American Airlines 911 Pilot Denied
Burial At Arlington Cemetery

WASHINGTON (Reuters) - The pilot of an American Airlines plane that hijackers crashed into the Pentagon on Sept. 11 will not be allowed a military burial at Arlington National Cemetery, a newspaper reported on Wednesday.
The Army and the cemetery, the United States' premier military burial ground, have ruled that Capt. Charles Burlingame III was not eligible for internment because he was 52 when he died, The Washington Post reported. According to the cemetery's strict criteria, retired reservists must turn 60 before admission to Arlington.
Burlingame landed F-4 Phantom jet fighters on aircraft carriers for eight years while in the Navy and served in the Naval Reserve for 17 years. President Bush has said that he and others who died in the attacks in New York and Washington were victims of war.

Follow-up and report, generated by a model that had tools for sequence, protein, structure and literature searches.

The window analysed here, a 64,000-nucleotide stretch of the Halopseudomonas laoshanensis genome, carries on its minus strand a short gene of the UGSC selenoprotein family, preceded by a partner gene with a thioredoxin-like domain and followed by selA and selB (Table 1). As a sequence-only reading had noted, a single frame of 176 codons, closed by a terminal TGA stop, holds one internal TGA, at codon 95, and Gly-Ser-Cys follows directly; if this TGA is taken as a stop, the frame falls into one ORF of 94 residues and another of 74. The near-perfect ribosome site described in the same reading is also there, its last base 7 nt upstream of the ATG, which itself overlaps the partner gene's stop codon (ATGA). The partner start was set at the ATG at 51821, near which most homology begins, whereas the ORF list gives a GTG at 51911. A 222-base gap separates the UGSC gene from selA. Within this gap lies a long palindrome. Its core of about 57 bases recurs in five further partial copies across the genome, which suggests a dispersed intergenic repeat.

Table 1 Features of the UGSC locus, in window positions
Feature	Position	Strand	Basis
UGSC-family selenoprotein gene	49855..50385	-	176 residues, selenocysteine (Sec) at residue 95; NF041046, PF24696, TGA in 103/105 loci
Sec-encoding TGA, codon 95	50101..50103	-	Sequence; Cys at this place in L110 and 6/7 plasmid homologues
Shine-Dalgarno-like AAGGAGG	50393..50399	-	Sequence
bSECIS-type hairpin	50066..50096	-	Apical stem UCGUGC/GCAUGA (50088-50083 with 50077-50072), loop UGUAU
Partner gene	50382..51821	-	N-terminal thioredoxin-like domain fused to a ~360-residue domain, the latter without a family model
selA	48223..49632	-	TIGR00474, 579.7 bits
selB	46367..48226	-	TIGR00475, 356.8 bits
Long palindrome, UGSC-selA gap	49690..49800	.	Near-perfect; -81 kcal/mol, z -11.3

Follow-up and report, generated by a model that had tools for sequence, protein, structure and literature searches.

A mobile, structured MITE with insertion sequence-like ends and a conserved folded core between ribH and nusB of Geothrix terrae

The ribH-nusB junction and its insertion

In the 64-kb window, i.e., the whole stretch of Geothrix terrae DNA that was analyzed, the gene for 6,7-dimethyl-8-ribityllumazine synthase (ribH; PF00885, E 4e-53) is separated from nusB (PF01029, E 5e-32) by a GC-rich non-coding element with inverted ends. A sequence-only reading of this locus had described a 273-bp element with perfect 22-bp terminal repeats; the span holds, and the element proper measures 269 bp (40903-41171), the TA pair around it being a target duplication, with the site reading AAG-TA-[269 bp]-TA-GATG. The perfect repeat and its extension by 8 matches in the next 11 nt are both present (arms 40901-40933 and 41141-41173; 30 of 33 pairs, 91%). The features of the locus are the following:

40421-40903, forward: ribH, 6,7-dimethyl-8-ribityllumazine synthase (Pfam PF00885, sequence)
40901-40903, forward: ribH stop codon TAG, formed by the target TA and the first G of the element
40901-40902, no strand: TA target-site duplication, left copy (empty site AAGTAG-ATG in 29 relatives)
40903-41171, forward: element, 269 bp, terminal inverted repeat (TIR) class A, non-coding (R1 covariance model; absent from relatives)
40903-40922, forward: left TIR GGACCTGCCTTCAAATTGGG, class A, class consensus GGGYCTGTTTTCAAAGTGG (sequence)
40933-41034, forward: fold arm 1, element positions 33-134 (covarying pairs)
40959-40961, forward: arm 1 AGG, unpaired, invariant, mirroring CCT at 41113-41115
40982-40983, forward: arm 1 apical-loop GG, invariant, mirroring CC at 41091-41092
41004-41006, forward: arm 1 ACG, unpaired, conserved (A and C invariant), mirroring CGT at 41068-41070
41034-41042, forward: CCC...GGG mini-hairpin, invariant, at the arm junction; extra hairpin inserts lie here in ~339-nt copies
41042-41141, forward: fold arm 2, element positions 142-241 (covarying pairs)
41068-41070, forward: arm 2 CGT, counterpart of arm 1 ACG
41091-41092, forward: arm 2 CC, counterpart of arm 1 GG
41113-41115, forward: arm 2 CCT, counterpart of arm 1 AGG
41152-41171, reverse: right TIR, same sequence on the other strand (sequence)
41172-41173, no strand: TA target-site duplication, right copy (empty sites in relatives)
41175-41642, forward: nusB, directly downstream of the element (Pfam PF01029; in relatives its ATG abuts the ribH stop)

"My brother was one of thousands who perished on that day, and we'll never know what happened on that airplane," Debra Burlingame of Los Angeles told the Post. "But it's not very difficult to see that he had an active, up-close-and-personal, probably hand-to-hand confrontation with one or more knife-wielding terrorists.
"It was no different than if he were in combat. Not only is he a hero, I think he should get the Purple Heart."
The medal would make Burlingame eligible for burial at Arlington, the paper said.
The FBI has told his widow that Burlingame died of injuries sustained before the plane hit the Pentagon, indicating he was killed in a struggle, according to the Post.
An Army spokesman, Col. Jim Allen, told the newspaper officials have to abide by Arlington's strict rules because space there is limited.

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